Another 63 words (4 lines of text) are included under the topic Early Barsnett Notables in all our PDF Extended History products and printed products wherever possible.

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Barsnett In Ireland


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Barsnett In Ireland



Some of the Barsnett family moved to Ireland, but this topic is not covered in this excerpt. Another 153 words (11 lines of text) about their life in Ireland is included in all our PDF Extended History products and printed products wherever possible.

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The Great Migration


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The Great Migration



Many English families left England, to avoid the chaos of their homeland and migrated to the many British colonies abroad. Although the conditions on the ships were extremely cramped, and some travelers arrived diseased, starving, and destitute, once in the colonies, many of the families prospered and made valuable contributions to the cultures of what would become the United States and Canada. Research into the origins of individual families in North America has revealed records of the immigration of a number of people bearing the name Barsnett or a variant listed above: Oliver Bassett who settled in Barbados in 1635; George Basset in Virginia 1637; William Basset in Virginia in 1622; Arnold Basset settled in New York state in 1693.

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Motto


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Motto



The motto was originally a war cry or slogan. Mottoes first began to be shown with arms in the 14th and 15th centuries, but were not in general use until the 17th century. Thus the oldest coats of arms generally do not include a motto. Mottoes seldom form part of the grant of arms: Under most heraldic authorities, a motto is an optional component of the coat of arms, and can be added to or changed at will; many families have chosen not to display a motto.

Motto: Pro rege et populo
Motto Translation: For King and people.


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Barsnett Family Crest Products


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Barsnett Family Crest Products




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See Also


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See Also




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Citations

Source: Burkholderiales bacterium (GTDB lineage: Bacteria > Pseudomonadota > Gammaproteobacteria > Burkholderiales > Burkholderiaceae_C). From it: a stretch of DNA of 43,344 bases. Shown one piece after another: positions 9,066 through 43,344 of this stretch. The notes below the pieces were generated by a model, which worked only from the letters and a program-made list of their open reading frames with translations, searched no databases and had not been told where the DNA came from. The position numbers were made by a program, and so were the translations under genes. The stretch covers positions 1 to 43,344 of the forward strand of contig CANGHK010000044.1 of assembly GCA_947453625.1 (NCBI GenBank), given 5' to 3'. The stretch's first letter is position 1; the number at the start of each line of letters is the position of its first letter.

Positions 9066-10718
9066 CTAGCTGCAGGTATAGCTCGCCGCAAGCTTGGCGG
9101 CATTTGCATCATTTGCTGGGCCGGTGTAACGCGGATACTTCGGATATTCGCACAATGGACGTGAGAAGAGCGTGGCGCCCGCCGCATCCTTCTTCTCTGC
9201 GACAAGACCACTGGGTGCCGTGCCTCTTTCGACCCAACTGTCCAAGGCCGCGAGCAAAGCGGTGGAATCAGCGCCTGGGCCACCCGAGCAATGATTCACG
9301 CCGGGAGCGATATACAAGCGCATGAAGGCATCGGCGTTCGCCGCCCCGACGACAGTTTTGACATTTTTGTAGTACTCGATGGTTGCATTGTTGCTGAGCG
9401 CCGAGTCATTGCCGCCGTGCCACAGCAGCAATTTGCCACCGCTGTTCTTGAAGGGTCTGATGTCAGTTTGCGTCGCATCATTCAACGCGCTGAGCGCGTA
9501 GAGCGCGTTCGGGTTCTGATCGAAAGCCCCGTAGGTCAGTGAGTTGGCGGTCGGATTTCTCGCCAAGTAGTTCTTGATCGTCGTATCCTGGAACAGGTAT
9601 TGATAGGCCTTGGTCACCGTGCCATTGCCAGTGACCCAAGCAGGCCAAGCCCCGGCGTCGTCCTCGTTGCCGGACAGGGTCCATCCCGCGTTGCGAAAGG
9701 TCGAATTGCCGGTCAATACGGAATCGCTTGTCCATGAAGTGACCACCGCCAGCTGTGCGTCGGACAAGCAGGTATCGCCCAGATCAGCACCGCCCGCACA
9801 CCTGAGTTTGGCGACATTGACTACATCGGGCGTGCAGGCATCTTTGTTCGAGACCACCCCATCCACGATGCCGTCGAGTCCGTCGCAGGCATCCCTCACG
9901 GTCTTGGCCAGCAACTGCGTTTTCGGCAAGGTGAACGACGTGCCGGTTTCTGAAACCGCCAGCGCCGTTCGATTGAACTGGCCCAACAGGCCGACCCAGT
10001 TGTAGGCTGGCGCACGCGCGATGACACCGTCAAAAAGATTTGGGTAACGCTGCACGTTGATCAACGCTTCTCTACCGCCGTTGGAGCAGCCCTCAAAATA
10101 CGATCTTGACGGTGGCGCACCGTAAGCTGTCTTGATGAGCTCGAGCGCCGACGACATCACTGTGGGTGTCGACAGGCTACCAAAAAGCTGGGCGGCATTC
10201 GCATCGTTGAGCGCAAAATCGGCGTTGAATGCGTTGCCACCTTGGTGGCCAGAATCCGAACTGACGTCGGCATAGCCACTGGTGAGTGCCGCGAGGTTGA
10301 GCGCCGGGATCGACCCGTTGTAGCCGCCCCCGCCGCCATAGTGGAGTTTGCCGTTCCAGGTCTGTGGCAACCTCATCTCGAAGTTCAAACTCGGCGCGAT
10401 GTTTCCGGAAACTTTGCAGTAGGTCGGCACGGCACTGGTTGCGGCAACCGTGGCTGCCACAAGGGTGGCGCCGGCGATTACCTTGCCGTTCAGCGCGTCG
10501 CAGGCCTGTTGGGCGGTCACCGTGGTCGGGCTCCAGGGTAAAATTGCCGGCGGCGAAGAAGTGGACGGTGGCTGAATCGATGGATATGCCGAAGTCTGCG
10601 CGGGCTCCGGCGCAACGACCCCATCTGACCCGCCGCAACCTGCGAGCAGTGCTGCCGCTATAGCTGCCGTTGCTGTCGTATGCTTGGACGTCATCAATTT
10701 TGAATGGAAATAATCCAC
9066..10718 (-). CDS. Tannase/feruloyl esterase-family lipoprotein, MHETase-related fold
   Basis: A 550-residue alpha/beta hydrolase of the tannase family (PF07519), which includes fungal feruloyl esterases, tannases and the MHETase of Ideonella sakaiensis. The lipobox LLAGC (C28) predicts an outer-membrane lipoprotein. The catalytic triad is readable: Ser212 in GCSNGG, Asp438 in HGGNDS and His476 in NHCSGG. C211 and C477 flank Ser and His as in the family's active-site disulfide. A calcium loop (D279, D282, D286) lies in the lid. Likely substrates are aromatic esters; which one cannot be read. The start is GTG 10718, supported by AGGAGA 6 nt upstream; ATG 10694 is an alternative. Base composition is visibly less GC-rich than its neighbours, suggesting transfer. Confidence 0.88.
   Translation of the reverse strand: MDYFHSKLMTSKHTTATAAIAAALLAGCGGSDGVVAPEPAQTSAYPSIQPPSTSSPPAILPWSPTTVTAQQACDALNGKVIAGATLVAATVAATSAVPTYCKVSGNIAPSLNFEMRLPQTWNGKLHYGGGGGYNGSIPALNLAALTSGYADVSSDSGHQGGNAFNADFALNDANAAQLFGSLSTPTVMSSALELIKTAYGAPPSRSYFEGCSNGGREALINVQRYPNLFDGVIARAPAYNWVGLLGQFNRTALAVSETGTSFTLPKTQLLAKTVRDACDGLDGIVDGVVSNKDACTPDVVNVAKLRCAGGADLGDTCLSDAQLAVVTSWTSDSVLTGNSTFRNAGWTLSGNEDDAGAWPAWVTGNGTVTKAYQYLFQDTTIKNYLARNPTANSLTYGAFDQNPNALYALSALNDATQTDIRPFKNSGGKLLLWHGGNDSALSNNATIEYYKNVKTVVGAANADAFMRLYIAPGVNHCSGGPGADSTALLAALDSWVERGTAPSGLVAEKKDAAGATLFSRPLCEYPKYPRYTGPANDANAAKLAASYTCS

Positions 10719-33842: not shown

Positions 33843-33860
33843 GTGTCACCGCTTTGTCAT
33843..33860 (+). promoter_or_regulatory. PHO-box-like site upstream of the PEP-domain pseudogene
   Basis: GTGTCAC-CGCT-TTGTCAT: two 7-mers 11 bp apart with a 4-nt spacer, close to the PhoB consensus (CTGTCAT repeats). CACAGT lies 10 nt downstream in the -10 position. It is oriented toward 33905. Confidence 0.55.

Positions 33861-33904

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Citations



  1. ^ Reaney, P.H and R.M. Wilson, A Dictionary of English Surnames. London: Routledge, 1991. Print. (ISBN 0-415-05737-X)
  2. ^ Burke, John Bernard, The Roll of Battle Abbey. London: Edward Churton, 26, Holles Street, 1848, Print.
  3. ^ Lewis, Samuel, A Topographical Dictionary of England. Institute of Historical Research, 1848, Print.

Other References

  1. Matthews, John. Matthews' American Armoury and Blue Book. London: John Matthews, 1911. Print.
  2. Fairbairn. Fairbain's book of Crests of the Families of Great Britain and Ireland, 4th Edition 2 volumes in one. Baltimore: Heraldic Book Company, 1968. Print.
  3. Passenger Lists of Vessels Arriving at Galveston Texas 1896-1951. National Archives Washington DC. Print.
  4. Burke, Sir Bernard. Genealogical and Heraldic History of the Peerage and Baronetage, The Privy Council, Knightage and Compainonage. London: Burke Publishing, 1921. Print.
  5. Hinde, Thomas Ed. The Domesday Book England's Heritage Then and Now. Surrey: Colour Library Books, 1995. Print. (ISBN 1-85833-440-3).
  6. Best, Hugh. Debrett's Texas Peerage. New York: Coward-McCann, 1983. Print. (ISBN 069811244X).
  7. Marcharn, Frederick George. A Constitutional History of Modern England 1485 to the Present. London: Harper and Brothers, 1960. Print.
  8. Burke, John Bernard Ed. The Roll of Battle Abbey. Baltimore: Genealogical Publishing. Print.
  9. Browning, Charles H. Americans of Royal Descent. Baltimore: Genealogical Publishing. Print.
  10. Reaney P.H and R.M. Wilson. A Dictionary of English Surnames. London: Routledge, 1991. Print. (ISBN 0-415-05737-X).
  11. ...

The Barsnett Family Crest was acquired from the Houseofnames.com archives. The Barsnett Family Crest was drawn according to heraldic standards based on published blazons. We generally include the oldest published family crest once associated with each surname.

This page was last modified on 29 August 2016 at 14:21.